How It's Made: the San Jose Sharks
Our annual obsessive look at how the San Jose Sharks roster was constructed, going through every trade, signing, draft pick, and waiver wire pickup that lands all the players on the Sharks 50 man roster.
Every season, I go through the Sharks roster, trace every single trade made until I reach an endpoint (usually a draft pick or free agent) and make a chart. And every season, I manage to lose my old notes so have to start from scratch. But that's besides the point.
This chart is meant for those of you who geek out over transactions, find joy in revisting old draft picks, love comparing values of players over time, and like to be reminded of the craziness of the 1991 dispersal/expansion draft. The infographic is meant for those of you who aren't quite at that level but are still interested in this whole thing.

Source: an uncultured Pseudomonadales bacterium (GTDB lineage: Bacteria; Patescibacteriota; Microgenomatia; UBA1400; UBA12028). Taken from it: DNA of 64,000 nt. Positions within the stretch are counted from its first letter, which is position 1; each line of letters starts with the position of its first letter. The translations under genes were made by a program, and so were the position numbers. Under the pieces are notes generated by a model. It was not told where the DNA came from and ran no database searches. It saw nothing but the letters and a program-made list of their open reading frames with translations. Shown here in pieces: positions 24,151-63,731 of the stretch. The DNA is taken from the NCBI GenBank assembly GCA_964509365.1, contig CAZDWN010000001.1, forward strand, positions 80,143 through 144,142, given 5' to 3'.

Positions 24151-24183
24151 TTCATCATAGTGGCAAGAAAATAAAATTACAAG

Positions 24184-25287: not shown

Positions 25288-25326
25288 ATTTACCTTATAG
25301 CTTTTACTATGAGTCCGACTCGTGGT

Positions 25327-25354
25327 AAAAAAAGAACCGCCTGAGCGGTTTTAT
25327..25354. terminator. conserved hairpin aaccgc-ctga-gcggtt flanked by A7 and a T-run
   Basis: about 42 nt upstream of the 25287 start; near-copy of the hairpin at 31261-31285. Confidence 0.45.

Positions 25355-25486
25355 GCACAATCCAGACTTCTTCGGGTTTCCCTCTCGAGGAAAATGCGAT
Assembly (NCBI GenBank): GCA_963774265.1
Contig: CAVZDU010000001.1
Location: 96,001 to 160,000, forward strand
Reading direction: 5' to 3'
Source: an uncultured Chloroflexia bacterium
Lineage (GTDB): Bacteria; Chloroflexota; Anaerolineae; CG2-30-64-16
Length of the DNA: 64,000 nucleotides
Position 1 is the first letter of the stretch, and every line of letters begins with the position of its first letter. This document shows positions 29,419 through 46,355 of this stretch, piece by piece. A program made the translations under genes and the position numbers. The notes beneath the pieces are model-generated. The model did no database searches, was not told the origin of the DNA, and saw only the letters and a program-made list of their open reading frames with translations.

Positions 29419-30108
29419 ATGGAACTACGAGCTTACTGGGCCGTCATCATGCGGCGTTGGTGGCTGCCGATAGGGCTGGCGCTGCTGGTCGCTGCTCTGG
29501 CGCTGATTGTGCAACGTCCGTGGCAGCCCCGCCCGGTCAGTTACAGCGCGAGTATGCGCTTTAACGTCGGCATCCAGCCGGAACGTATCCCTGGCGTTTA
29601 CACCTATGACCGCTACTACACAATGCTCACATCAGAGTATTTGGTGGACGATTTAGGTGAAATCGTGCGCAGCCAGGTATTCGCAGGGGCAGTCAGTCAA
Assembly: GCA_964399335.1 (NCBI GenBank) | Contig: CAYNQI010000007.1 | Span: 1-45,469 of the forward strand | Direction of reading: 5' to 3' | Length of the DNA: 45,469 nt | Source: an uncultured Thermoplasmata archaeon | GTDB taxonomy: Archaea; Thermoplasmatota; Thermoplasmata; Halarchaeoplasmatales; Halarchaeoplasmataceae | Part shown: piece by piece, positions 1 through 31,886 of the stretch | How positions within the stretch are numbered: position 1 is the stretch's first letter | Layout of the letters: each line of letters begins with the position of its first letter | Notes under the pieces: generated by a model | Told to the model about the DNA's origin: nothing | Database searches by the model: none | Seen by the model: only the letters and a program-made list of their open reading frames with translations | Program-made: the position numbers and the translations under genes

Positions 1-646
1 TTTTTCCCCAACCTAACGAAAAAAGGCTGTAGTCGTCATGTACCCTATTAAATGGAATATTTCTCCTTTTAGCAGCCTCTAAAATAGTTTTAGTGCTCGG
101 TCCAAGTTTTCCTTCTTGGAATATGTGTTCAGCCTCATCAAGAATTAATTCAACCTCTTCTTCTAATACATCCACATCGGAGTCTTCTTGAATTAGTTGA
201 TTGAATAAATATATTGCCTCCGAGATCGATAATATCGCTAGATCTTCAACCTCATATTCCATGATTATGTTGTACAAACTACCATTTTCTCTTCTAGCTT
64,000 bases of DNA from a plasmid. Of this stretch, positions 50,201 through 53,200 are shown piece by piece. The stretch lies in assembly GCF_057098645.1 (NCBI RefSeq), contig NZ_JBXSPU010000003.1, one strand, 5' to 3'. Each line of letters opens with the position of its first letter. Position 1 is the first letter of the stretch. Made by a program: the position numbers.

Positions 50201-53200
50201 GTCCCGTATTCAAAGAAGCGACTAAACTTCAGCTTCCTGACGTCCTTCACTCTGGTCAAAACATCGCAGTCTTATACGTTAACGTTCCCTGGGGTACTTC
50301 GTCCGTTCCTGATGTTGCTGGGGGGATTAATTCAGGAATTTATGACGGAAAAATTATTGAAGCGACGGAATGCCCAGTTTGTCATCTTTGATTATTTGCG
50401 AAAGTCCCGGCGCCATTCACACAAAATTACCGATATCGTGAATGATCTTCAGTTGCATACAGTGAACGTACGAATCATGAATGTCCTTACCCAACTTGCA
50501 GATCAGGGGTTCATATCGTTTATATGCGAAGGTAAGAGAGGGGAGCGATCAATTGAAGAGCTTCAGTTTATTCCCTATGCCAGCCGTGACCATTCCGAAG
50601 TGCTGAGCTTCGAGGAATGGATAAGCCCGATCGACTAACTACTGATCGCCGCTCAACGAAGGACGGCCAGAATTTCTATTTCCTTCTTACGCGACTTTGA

Click here to view the chart
- With both Dan Boyle and Martin Havlat off the roster, two giant branches have been removed, which has reduced the size of the chart.
- However, their branches were mostly going off of Joe Thornton's behemoth, so the number of players on the chart actually increased with some different players coming onto the chart. And because they are no longer there, only one branch shares two players that are part of the 50-man roster: the Raffi Torres branch, which also includes new signee Rourke Chartier, esq.
- A lot of the non-roster NHL contracts were signed as free agents, underlining the Sharks' need to sign undrafted free agents to supplement draft picks rather than relying on the NHL free agent market.
- It's amazing how much the early days of the team (including the expansion and dispersal drafts!) still impact the roster today. Granted, it's mostly due to Joe Thornton.
- Not Mike Craig is still my favorite player.
This chart was created thanks to Pro Sports Transactions and, prior to its demise, CapGeek. This has been in the works for a while.